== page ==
Here are the Activist Insight’s standout moments from 2018.
The February announcement that Pershing Square Capital Management was ending its five-year bet against Herbalife was something of a whimper from a campaign that at multiple points felt like the dominant business story. With President Trump and several members of his cabinet connected to the multi-level marketing industry and Herbalife maintaining sufficient financial flexibility to commence a major share repurchase even two years after its settlement with the Federal Trade Commission, Bill Ackman retreated from his promise to pursue the company “to the end of the earth.” It signaled another tough market for short sellers, a retreat from public battles for Pershing Square that was until the last few weeks correlated with much-improved performance, and a get-out clause for Carl Icahn, who didn’t have to buy another share (though it remains a $2 billion investment for him).
Last year was a bumper year for hedge fund launches. According to a Hedge Fund Research report released towards the end of March, 614 new funds hit the market in 2021. That was the highest number of launches since 2017, when a record 735 new hedge funds were rolled out to investors. What’s interesting about Read More
This was a gripping year in M&A markets – from Broadcom’s attempt to buy Qualcomm being quashed by the Committee on Foreign Investment in the United States (CFIUS) to the U.K. Takeover Panel deciding that the takeover battle for Sky would be settled by auction. Yet who would have thought that activists would seek to take up the mantle of environmental, social, and governance campaigns (our style is to spell out ESG on first use – though many observers point out that the acronym has become shorthand for environmental and social, not governance issues), not least event-driven Jana Partners. Jana’s partnership at Apple with the California State Teachers’ Retirement System remains the most public example of how activists think that ESG campaigns can add value, though ValueAct Capital Partners and Blue Harbour Group are arguably doing more interesting work. Whether the trend continues into 2019 will be one development we keep a close eye on.
When we ran our wildest activist campaigns of the year, we selected the decisive legal blow to Blue Lion Capital’s campaign at HomeStreet as the defining moment. However, wild is not the same as weird, and one of the biggest headscratchers was Carl Icahn’s short-lived objection to Cigna’s acquisition of Express Scripts on the grounds that regulators and Amazon might one day erode the pharmacy benefits manager’s business. Another activist, Glenview Capital Management, argued in favor of the merger and at least one other event-driven, big-name activist told a proxy adviser that its analysis showed that the deal made sense. Icahn’s intervention lasted only eight days – a case of too little, too late.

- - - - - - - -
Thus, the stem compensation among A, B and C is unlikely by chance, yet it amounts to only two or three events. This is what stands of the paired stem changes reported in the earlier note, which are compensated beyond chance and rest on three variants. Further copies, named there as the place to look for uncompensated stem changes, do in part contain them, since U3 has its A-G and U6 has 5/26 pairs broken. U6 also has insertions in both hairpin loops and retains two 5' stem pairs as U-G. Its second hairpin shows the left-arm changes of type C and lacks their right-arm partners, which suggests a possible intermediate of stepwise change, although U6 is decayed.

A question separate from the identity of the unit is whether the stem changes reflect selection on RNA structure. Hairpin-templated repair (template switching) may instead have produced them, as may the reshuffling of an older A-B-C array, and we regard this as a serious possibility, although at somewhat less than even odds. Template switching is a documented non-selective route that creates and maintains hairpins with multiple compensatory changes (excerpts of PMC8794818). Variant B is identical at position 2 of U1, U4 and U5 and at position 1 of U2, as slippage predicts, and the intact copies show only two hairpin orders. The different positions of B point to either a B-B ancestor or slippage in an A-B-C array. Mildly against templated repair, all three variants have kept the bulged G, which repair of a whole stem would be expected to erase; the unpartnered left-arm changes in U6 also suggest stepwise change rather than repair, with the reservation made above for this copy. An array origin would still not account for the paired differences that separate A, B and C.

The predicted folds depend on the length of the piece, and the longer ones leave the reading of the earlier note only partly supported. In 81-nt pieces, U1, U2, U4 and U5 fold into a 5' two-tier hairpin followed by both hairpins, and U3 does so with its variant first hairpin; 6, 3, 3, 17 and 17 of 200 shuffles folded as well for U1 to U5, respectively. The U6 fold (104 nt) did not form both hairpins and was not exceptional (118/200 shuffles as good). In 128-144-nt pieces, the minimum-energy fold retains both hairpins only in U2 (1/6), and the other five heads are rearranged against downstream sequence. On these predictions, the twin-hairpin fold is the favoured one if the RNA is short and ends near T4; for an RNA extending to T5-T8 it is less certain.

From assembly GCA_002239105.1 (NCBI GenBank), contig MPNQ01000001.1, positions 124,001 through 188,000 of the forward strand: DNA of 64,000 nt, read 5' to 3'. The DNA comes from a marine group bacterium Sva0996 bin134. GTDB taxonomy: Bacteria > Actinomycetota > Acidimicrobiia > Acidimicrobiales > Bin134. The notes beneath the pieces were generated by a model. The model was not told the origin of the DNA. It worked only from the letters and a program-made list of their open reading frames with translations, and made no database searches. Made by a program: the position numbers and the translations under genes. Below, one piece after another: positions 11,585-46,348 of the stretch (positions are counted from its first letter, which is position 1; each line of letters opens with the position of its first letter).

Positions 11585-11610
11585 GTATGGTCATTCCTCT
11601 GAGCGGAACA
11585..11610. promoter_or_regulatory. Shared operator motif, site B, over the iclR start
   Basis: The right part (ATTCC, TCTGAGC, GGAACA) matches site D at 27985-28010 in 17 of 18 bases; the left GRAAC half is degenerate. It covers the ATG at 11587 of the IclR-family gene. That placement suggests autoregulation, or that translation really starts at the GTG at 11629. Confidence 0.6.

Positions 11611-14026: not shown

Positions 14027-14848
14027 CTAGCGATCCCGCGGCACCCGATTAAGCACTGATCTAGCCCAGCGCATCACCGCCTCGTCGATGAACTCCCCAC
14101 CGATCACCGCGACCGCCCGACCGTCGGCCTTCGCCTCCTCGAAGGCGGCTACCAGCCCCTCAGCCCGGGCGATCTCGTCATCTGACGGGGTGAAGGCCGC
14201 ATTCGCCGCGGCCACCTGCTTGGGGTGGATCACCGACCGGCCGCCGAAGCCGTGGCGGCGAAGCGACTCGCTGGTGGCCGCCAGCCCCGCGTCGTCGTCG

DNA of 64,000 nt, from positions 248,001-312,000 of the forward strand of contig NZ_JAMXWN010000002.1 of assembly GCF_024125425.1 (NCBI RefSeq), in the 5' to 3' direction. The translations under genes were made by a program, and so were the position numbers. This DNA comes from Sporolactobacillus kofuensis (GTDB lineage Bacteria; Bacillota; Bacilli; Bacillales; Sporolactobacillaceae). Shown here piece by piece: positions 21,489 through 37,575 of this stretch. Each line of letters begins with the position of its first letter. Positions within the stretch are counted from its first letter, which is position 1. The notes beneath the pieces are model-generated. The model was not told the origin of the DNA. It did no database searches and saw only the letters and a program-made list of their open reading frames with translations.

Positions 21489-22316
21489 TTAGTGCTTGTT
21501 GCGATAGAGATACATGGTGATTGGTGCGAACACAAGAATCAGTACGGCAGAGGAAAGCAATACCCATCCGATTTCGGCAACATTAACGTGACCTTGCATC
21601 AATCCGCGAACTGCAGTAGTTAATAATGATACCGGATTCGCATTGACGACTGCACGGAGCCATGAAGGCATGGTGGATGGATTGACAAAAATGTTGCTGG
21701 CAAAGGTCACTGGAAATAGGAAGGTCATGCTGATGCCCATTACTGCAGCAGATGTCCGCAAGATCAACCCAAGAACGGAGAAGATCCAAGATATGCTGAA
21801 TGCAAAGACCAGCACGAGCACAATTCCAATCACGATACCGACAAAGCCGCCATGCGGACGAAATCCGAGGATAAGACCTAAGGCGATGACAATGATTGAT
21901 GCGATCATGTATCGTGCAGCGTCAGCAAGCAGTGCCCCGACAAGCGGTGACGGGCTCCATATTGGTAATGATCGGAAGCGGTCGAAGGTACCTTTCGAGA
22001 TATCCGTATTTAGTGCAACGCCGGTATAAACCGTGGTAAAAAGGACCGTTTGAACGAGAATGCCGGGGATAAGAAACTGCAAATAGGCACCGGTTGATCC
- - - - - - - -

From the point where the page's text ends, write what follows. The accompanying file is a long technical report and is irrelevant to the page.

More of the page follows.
Jonathan Bush, nephew of one U.S. president and cousin of another, knows a few things about activist campaigns. Even so, his response to being dumped by athenahealth, the company he founded in 1997, bore some resemblance to a crusade against Elliott Management. Elliott ended up acquiring the company in partnership with private equity firm Veritas Capital for $5.7 billion about 18 months after disclosing a stake. Bush initially welcomed the activist but proved unwilling to consider selling athenahealth and stood down when years-old allegations about his behavior surfaced in media reports. In a New Yorker article about the campaign, he described seeing Elliott take a stake as an experience was like "Googling this thing on your arm and it says, ‘You’re going to die.’”
In a recent interview with CNBC he was similarly morbid, arguing that “running a company with a gun to your head is no way to run a company. Better to just say, 'Pull the trigger.'"
Overseas campaign of the year:
There were many activist campaigns in Europe and Asia that stood out in 2018, as well as a couple of interesting proxy contests at Canadian companies including Paulson & Co’s recent victory at Detour Gold. For all Japan’s record number of activist campaigns, there has yet to be a groundbreaking moment. Instead, the exciting developments have happened in continental Europe. Major breakups at ThyssenKrupp and ABB rewarded Cevian Capital’s patience. But for weeks Telecom Italia stole the headlines. Elliott Management won plaudits for the way it selected its slate and assuaged the Italian government but it won’t escape round two with Vivendi. A decision on whether to grant the French corporation’s meeting requisition is expected in January.